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baby highchairI have a one-year old daughter, 3 nieces and a nephew. My family is pretty large, with lots of children, and we like to travel together. But babies and kids require a lot of extra luggage that makes a well-stocked family-friendly vacation rental even more enticing to me. When thinking about how to market your home to families, especially those with young children, consider the following.

Bathtub – Most kids don’t start showering until they’re at least 5 or 6 years old. Until then, a bathtub (or large kitchen sink in some cases) will get the job done. I know one owner who provides a plastic baby bathtub for guests. An inflatable tub would also be useful and collapses for easy storage.

Books – If you’ve stocked the library full books for the adults, be sure to have some children’s books on hand too. You can always buy inexpensive used books at a local children’s store or borrow them from the town library.

Crib – Families with young children don’t want to lug around a portable crib on vacation. If your rental already has one, show it in the photos and list it as an amenity. If there’s a local baby rental store that delivers and sets up cribs for out-of-towners, provide a link on your local guide. Continue Reading…

limo driverMarketing your vacation rental as a “luxury” property is tricky because your definition of what constitutes luxury may be different than that of the traveler. Is it because your furnishings are top-of-the-line? Because you hired an interior decorator to meticulously design each room? Personally, when I think of luxury, I think of top-notch service comparable to a Ritz Carlton hotel. Obviously your vacation rental is not a hotel (nor would anyone want it to be), but there are plenty of concierge services you can offer your guests to improve the quality of their stay. These range from the inexpensive to the extravagant, and everything in between.

Scheduled Airport Pickup

This one is fairly simple to organize in any town or city. Just do a quick search on Google or Yelp for “SFO airport pickup” and you’ll find plenty of options to choose from. Find a sedan car provider with great reviews and give them a call to arrange. In larger cities, on-demand services like Uber can be arranged upon arrival. The driver will usually hold up a sign at the airport arrival area with the guests name, but be sure to ask just in case. Depending on the location, sedan car services can range from $50 – $150 each way. Continue Reading…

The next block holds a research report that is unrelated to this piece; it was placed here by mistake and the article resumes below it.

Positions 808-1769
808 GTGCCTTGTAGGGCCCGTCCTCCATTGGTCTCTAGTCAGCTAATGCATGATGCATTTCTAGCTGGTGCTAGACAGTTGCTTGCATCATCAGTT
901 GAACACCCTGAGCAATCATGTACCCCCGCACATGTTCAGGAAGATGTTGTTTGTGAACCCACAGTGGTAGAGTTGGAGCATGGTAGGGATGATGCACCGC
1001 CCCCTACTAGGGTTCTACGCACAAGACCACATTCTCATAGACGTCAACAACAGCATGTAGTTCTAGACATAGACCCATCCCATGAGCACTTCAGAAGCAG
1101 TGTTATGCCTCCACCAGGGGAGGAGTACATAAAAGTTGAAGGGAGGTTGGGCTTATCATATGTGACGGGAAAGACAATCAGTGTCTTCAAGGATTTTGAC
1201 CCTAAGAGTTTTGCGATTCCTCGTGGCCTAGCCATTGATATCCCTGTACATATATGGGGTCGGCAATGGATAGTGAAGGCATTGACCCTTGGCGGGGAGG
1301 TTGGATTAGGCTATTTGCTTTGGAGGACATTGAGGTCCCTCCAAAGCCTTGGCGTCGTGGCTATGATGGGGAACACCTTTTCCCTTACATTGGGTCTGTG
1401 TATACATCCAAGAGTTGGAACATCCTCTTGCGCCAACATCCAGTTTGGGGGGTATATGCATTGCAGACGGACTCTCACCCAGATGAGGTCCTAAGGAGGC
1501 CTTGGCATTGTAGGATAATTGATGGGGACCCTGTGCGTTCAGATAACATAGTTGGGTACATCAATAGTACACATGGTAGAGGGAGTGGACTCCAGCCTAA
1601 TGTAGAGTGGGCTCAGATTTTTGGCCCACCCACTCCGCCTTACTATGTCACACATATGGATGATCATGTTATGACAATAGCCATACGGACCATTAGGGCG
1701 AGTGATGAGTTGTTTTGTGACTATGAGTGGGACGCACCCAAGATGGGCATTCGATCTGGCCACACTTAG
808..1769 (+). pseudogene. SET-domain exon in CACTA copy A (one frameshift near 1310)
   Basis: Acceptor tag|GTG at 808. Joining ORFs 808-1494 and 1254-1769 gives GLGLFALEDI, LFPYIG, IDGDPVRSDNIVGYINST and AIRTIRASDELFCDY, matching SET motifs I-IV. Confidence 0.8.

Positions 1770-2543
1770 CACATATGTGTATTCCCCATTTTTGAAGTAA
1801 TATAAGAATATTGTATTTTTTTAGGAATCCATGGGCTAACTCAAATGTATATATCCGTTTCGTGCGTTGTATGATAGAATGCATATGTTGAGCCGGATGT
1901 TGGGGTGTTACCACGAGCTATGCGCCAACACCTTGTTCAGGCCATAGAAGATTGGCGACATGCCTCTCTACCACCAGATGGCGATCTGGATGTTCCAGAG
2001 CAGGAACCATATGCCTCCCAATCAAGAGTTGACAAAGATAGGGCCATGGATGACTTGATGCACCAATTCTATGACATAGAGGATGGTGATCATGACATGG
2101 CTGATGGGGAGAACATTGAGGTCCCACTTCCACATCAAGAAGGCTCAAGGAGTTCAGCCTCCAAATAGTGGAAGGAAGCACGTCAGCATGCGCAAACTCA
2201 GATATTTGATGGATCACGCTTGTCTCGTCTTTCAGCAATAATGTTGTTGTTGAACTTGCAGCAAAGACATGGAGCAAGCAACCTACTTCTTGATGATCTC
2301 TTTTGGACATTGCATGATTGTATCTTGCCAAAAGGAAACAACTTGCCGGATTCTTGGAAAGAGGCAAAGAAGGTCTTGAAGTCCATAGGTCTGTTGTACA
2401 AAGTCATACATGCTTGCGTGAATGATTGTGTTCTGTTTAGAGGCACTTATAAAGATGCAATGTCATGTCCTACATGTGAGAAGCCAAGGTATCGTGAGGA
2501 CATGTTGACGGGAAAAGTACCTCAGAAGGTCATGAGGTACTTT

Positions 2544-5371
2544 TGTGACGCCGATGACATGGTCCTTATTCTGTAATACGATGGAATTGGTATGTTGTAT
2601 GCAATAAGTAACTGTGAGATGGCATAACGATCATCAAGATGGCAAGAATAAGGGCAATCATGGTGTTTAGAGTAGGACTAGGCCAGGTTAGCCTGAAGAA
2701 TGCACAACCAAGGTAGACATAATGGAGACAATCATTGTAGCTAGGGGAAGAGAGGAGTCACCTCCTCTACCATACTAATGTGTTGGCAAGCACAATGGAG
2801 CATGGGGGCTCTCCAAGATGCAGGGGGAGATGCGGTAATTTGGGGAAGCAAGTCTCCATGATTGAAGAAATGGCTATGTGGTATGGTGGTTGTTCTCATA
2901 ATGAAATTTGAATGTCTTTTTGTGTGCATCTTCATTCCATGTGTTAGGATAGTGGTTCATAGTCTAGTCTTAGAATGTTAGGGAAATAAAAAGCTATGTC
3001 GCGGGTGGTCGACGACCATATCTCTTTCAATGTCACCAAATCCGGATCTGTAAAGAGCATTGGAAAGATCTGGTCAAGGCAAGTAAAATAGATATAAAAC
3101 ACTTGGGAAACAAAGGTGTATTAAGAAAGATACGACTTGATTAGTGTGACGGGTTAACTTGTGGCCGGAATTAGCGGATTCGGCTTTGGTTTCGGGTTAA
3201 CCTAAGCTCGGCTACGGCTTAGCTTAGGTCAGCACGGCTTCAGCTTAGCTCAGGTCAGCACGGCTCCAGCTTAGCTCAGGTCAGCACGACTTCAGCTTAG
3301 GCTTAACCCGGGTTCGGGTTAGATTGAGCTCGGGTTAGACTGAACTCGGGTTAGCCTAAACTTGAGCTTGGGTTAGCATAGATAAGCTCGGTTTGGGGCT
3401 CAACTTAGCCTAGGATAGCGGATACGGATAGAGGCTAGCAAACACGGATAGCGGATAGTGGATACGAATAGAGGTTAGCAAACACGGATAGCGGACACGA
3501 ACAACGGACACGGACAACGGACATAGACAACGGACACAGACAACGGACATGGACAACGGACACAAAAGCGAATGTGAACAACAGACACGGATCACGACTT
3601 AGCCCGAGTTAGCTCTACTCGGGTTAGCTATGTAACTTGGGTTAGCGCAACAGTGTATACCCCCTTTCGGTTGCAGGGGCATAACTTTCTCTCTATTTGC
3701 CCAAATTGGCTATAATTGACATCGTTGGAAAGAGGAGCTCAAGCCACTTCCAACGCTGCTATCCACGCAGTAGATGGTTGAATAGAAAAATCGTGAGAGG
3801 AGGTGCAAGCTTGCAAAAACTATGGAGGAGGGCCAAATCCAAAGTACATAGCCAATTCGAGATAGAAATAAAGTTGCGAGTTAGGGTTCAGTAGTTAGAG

inquiry formOnce you have your vacation rental management process figured out, it’s time to start getting guests through the door. With the growth of social media and the omnipresent Internet, marketing isn’t what it used to be — and it’s changing all the time.

As you start moving forward with your marketing plan, here are some terms you’ll likely hear, particularly when it comes to your website and online promotional activities.

Keep hearing a term that’s not on this list?  Please post it in the comments section below.

Analytics — the numbers you use to measure progress and results, and watch for patterns. For example, you may keep track of your web conversions, like the number of website visitors who send you an inquiry. Or, you may use this information over time to monitor whether the number of visitors to your website peaks at particular times of the year. (See also Conversion Rate.)

Auto Responder — an email that is automatically sent when someone sends you a message or inquiry. They can be a great way to deliver better customer service and help connect people quickly with important information about your property.

Call to Action — a word or phrase that encourages your reader to take a particular action, like “continue to reservation” or “share your review”.

Categories — broad topics used to group blog posts. For example, MyVR’s categories include “Contracts & Payments”, “Inquiries & Bookings”, and “Social Media”. (See also Keywords, Tags.) Continue Reading…

farmhouseYou can probably distinguish between a yacht, apartment and a villa. But what’s the difference between an apartment and a condo?

The truth is, many of these terms can be used to describe the same property; one person’s chalet could easily be another person’s cabin. You may choose a term because of what’s commonly used in your area, or because of the feeling a particular word evokes. Here’s an overview of the more standard categories.

Apartment — one of a number of units within a building that is owned by one common person or entity. (See also condo.)

Bungalow — generally speaking, a detached house where the main living areas are all on one floor. It may be one-and-a-half stories, with additional living space in either a basement that has above-ground windows or a second floor built under the slope of the roof. More specific features vary by region.

Cabin — “a small one-story dwelling usually of simple construction,” as defined by Mirriam-Webster. The term has traditionally implied a more rustic building. (See also chalet, cottage.) Continue Reading…

vacation rental taxesHotSpot Tax Services caters to the vacation rental industry and has a great list of reasons why vacation rental tax compliance is important. Among the best is that it creates an important revenue stream for state and local governments that can in turn protect our industry.

Tax is a scary little word – no one enjoys paying or collecting them – but you shouldn’t second guess your own willingness to comply. You are doing the right thing. What’s the best way to present them to guests? Continue Reading…

dictionaryAs a vacation rental owner and occasional traveller yourself, you’ve probably already noted the difference between being the person who makes a reservation, and being the person responsible for delivering on one.